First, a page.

[CR]Cirque epilogue

(Example: Framebuilding:Technology)

Date: Fri, 13 Jun 2008 15:59:37 -0500
To: classicrendezvous@bikelist.org
From: "Larry Osborn" <losborn2@wvu.edu>
Subject: [CR]Cirque epilogue

Greetings campers

A photo I wish I had taken - Ken Toda standing under the fans in the livestock barn, trying to cool off between photo sessions. Don't know how he was able to stand it out there all day in his portable "studio", in the blazing sun. (See Gabriel's photos, row 8, #6). Gotta have that diffused natural light. There's a man who suffered for his art.

Great fun reading other posts and seeing all the pics. Good way to deal with the withdrawal symptoms, and burn some of the major and minor events into my memory. Anything to slow the rate of return to real life as much as possible. Just another reminder that so much is going on around us, there's no way to see it all, hear it all, do it all. And the off-list post-Cirque conversations, discussions, and swaps will continue for another couple weeks, and soften the impact.

Some pleasant flashbacks reminded me of a later incident that sort of summed up the whole event. Just wandering through the books in the Air & Space Museum gift shop after communing with a few of my other favorite things. Noticed a very professionally attired adult employee walking with an assembled model plane in each hand, items headed towards some distant shelf for display. Away in his own little world for the moment with a great "kid in a candy store" smile on his face. And while I didn't hear him actually making airplane engine noises out loud, I have no doubt he was hearing them in his head. When he got close to me he snapped back to reality enough to notice that I was watching, and was enjoying watching him enjoy himself. I suspect that he saw some lingering Cirque smile on my face, so obviously not just another cranky customer for him to deal with, (Little did he know that if my co-workers or neighbors saw a smile on my face without a bike in hand they would think something was very wrong, and their reflex would possibly be some act of concern, but more likely some act of self preservation. But I digress....) and we both laughed at being caught in the act of being ourselves, and not always acting like "grownups". He said "It really is that much fun", as they flew past to a couple perfect 3-point landings somewhere across the store.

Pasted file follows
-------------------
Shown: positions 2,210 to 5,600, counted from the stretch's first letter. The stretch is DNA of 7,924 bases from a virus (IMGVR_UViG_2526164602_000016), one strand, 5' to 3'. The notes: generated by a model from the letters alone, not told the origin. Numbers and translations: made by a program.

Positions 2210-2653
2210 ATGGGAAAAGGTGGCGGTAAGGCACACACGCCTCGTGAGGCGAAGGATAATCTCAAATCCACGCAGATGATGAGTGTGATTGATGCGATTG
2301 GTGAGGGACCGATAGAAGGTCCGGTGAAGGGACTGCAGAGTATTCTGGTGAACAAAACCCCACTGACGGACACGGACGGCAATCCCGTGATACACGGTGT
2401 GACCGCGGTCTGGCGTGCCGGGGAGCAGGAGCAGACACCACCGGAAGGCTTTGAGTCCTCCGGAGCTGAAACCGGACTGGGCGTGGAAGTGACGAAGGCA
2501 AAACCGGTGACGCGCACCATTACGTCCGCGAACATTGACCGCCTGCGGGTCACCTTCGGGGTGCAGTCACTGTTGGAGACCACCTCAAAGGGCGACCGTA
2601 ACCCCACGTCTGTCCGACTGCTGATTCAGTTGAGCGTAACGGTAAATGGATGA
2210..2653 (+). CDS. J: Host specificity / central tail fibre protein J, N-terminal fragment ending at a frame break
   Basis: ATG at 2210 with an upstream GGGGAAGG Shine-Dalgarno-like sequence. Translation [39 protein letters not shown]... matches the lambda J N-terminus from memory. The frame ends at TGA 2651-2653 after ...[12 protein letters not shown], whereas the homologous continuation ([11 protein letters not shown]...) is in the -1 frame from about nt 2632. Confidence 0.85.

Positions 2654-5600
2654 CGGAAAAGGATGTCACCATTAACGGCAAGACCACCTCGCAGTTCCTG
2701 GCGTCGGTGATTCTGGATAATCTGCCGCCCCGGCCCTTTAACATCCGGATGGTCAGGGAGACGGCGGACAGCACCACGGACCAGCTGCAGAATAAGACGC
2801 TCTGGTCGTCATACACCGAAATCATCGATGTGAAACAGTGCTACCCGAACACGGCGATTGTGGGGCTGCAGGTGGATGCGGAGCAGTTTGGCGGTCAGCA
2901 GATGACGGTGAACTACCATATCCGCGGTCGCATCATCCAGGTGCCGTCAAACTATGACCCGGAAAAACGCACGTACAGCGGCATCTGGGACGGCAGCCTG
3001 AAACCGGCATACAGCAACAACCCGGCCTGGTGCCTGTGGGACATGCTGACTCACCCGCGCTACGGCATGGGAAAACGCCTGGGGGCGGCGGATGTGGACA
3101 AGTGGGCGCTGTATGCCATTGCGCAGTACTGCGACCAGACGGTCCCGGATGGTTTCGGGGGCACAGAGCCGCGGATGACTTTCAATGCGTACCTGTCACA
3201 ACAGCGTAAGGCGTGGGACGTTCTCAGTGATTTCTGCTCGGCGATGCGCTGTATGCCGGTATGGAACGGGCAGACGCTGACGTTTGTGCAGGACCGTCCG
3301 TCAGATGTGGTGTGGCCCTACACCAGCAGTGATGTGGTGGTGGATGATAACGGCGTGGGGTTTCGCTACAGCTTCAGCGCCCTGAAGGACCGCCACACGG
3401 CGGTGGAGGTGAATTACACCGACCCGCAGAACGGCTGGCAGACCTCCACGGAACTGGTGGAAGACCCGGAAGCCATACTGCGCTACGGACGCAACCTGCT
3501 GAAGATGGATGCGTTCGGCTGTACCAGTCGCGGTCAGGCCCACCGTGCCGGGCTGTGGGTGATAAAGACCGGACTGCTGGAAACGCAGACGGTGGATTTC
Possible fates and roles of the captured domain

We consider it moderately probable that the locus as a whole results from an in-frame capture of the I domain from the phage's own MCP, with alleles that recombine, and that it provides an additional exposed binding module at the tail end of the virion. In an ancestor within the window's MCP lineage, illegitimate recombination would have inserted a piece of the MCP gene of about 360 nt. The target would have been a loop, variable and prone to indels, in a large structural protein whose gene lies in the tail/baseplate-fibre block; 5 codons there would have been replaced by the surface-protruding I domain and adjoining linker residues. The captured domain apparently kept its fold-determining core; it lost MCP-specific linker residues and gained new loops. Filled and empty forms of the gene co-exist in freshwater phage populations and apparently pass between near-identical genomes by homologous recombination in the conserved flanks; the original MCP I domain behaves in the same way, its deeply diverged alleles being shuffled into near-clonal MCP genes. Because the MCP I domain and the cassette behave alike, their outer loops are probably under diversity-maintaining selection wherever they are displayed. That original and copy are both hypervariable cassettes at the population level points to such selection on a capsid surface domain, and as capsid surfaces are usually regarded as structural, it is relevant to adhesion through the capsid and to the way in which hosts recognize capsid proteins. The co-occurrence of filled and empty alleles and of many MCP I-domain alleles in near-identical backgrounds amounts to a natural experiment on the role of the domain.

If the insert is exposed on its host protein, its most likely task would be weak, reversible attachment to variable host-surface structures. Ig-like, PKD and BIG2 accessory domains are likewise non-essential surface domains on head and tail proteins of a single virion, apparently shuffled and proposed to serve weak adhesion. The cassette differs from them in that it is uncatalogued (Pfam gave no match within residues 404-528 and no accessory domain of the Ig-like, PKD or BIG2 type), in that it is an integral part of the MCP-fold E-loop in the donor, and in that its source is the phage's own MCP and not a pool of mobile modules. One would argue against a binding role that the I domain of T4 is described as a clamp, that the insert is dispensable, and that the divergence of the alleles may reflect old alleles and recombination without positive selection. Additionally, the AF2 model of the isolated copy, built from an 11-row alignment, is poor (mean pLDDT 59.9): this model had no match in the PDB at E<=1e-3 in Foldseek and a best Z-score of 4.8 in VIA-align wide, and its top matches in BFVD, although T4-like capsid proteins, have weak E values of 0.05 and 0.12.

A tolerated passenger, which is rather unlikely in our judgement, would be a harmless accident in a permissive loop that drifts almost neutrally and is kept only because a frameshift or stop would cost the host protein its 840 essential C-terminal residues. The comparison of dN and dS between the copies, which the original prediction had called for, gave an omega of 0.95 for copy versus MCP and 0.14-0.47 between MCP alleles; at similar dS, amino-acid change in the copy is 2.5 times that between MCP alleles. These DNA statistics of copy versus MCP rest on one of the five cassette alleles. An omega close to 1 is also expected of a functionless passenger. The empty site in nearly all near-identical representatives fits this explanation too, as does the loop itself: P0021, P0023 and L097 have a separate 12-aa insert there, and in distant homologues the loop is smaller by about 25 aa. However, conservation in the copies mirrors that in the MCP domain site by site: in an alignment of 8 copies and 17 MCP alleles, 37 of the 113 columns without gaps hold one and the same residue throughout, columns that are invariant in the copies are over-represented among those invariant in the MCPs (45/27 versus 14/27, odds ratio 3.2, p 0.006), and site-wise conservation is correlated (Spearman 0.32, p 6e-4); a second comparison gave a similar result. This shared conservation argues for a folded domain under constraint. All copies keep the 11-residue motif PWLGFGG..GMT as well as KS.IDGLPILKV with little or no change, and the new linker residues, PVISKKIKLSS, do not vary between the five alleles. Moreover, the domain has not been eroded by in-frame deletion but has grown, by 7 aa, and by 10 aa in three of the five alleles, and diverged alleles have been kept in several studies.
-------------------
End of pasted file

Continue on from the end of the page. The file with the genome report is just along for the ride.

And that sums up the Cirque. (Nobody to play with in the air museum so it's not nearly the same experience.for me.). I suppose the novelty can wear off for people who are up to their earholes in this stuff every day. Still an "event" for some of us peons outside the business, living in the middle of nowhere. No time before the Cirque for my usual mental and physical training program to get into condition for sustained sociability, so it was all quite a shock to the system. My sprained face still hurts from talking, smiling, and laughing far more than my normal allowable daily dose. Recovery time is a real bitch. Please, don't make me laugh for a couple days.

It really is that much fun. Larry "stall, spin, crash and burn" Osborn Bruceton Mills, West Virginia, USA